Fourth, section .230 is itself deficient if there is an appeal involving different parties and one elects an informal hearing and the other a formal one. Only section .140 provides the answer.
Hence we are persuaded of the necessity of reading the two sections together. The proviso in section .230 provides that nothing shall prevent DOE or the air pollution authority from choosing a formal hearing. Consequently we hold that the DOE or the air pollution authority, as the case may be, has the ultimate right to choose the nature of the hearing.
 We perceive several policy grounds for this result. The PCHB members are to be qualified in matters pertaining to the environment. RCW 43.21B.020. Certainly they and their staff acquire additional expertise in performing
Aug. 1974] STATE v. WOODWARD 333
84 Wn.2d 329, 525 P.2d 247
their statutory duties. We are advised that 83 percent of all hearings before the Board have involved violation matters. We cannot believe that the legislature created what is now a full-time Board to resolve appeals from such orders only to have its resolution subject to complete de novo review in the superior courts in the vast majority of its decisions.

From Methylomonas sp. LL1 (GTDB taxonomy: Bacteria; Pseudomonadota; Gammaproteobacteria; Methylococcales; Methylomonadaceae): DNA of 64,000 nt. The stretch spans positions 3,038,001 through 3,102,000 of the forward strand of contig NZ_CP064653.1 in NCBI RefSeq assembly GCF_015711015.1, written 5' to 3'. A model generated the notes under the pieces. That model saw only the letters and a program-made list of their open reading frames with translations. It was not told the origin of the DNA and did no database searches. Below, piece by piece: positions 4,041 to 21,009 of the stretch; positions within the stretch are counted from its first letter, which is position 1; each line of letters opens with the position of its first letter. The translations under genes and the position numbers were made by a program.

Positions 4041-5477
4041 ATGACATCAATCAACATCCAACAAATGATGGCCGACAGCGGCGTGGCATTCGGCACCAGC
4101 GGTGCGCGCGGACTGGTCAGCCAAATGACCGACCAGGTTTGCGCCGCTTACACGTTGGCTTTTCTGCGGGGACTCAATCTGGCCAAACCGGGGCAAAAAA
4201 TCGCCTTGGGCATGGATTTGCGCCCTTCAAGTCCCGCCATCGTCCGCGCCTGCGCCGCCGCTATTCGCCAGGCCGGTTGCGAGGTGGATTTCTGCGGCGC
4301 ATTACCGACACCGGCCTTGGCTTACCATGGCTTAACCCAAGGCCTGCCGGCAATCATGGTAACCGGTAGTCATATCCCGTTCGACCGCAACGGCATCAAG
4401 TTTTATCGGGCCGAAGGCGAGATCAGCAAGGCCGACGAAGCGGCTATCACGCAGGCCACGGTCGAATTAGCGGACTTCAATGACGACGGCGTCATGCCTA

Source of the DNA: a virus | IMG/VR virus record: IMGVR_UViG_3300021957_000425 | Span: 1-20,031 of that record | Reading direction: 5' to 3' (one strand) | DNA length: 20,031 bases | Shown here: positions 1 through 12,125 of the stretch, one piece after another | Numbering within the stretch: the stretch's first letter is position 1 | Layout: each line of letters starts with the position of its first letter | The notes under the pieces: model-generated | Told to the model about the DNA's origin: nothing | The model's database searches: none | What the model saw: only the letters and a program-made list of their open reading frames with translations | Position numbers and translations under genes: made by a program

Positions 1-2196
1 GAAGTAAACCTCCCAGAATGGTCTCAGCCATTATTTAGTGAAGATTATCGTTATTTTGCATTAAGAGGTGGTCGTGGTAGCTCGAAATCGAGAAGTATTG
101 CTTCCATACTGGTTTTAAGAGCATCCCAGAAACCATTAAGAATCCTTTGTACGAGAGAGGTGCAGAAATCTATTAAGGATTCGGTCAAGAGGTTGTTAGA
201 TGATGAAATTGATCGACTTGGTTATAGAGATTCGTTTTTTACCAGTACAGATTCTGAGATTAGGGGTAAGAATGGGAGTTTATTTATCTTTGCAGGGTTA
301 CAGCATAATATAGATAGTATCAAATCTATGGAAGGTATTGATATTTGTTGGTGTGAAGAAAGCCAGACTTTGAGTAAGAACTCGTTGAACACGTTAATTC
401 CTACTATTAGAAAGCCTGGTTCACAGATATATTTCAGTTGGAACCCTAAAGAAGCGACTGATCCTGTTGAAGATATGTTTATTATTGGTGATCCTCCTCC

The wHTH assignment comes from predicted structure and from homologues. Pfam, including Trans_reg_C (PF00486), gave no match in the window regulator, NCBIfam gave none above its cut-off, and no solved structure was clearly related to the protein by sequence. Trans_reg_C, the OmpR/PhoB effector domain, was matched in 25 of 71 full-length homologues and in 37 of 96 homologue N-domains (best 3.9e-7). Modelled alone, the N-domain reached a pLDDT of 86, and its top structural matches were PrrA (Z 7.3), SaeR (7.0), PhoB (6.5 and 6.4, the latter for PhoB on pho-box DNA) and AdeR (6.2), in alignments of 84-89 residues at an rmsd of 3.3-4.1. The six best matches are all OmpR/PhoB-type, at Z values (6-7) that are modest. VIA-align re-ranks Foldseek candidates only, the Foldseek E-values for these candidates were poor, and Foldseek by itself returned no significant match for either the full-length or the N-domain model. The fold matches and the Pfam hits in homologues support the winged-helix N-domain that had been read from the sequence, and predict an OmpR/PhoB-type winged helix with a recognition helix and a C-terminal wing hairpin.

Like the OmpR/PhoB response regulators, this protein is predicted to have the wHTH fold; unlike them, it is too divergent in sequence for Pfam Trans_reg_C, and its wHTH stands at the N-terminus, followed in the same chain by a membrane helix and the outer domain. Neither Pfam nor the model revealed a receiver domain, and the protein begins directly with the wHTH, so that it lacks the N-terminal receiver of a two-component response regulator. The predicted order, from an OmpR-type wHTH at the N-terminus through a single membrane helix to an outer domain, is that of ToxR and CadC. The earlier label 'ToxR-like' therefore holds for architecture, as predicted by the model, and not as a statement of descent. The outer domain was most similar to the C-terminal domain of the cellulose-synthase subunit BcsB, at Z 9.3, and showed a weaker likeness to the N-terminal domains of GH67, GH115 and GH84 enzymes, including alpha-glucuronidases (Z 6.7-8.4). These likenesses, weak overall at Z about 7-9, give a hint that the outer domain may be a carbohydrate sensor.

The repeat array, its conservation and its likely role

Next, uniform, independent review of not only the actions of the DOE but all the air pollution boards is patently preferable to fragmented and perhaps uneven results among the various superior courts in our 39 counties. Uniformity in administering the vast powers granted under our strong environmental and pollution control laws is an apparent and desirable goal of this act. That goal would be frustrated if the ultimate interpretation is vested in the several superior courts and their juries.
Finally, Martin Marietta contends that the informal hearing is more likely to achieve more flexible discussions and exploration of solutions to unique and complex environmental issues and technological problems. In essence it claims that the formal hearing route locks the parties into inevitable conflict and combat. On the contrary, the rules of the Board provide for informal conferences and prehearing conferences in both types of appeals with the declared purpose of determining the feasibility of settlement. WAC 371-08-110 through 125.
The judgment of the trial court is reversed.
HALE, C.J., and FINLEY, ROSELLINI, HUNTER, HAMILTON, STAFFORD, WRIGHT, and UTTER, JJ., concur.